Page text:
Cheap Remorse and Genuine Apology

The murder of George Floyd, the subsequent protests and the reaction of those in power in the States have really been playing on my mind.

With 246 years of institutionalised slavery followed by the shameful Jim Crow laws, the USA has a very complex history and I feel ill-equipped to express an opinion, let alone make any meaningful contribution to the discussion. But I do know how to negotiate, and I have been wondering how I would go about negotiating an end to the protests.

Even there I’m a bit stumped to be honest. The power imbalance is just too stark – how can the response to protests about police brutality and violence be more police brutality and violence? It’s absolutely confounding.

In a mediation, we often ask “what do you need to make this right?” and, very often, the details of the settlement take a backseat to the apology.

But here’s the thing, the apology needs to be genuine.

A close friend of mine is a brilliant barrister and I always enjoy her descriptions of cases she is working on. A few years ago, she was heavily involved in the Royal Commission into Institutional Responses to Child Sexual Abuse. I recall her account of a witness describing “cheap remorse”, where a person or an institution makes a show of giving an apology to victims and then demands a pardon, without really demonstrating contrition.

Maybe this is at the heart of the emotionally charged conflict happening in the States right now. There have been apologies, of course, including the apologies made in the House of Representatives in 2008 and in the Senate in 2009 for slavery and the discriminatory Jim Crow laws. Even these apologies, however, did not lead to the passing of a joint bill.

Furthermore, these apologies came years after the official 1983 US apology for shielding a Nazi officer wanted for war crimes, the 1988 apology for the internment of Japanese citizens during WWII, and the 1993 apology for the overthrow of the Kingdom of Hawaii.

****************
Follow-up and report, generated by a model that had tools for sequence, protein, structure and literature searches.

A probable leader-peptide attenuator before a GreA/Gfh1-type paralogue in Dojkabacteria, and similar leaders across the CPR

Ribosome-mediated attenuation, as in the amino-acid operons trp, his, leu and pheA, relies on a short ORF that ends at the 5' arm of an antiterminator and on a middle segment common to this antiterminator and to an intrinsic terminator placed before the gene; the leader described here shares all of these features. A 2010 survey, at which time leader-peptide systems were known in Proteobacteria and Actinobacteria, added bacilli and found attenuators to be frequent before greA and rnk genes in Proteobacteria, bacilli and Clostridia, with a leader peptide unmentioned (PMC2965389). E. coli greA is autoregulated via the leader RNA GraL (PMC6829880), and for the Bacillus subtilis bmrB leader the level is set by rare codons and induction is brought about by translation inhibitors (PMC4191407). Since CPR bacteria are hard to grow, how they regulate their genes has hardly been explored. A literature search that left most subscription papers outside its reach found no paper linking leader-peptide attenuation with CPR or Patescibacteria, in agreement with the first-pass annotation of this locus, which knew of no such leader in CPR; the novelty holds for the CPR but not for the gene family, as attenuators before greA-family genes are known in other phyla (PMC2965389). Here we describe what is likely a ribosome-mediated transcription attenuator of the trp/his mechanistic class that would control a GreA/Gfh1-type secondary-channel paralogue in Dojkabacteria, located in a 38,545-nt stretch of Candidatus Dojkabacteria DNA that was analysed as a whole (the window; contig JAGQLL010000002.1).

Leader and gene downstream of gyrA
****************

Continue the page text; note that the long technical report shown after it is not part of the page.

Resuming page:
Too little too late, perhaps.

As I’ve seen in mediation and as my friend saw at the Royal Commission, a genuine apology isn’t cheap, and it often needs to be delivered time and again. A genuine apology leads to change.

The generational pain and discrimination we are witnessing in the States can’t be fixed with “domination” by the descendants of those who initiated the pain and discrimination. This type of pain needs to start with a genuine apology.

While I am still somewhat stumped, if I were tasked with negotiating an end to the protests, the first step would be finding an independent mediator who is respected by representatives of both sides. I’d follow this with education until the oppressors finally understand the oppression, and I’d do this relentlessly so that any resultant apology is genuine.

With a genuine apology, perhaps the future could hold physical and emotional safety and economic equality.

On a final note, I know that here in Australia we see racism, injustice, discrimination and generational pain too. While the Australian government delivered a heartfelt apology to the Stolen Generations in 2008, the work of reconciliation is far from over.

RIP George Floyd.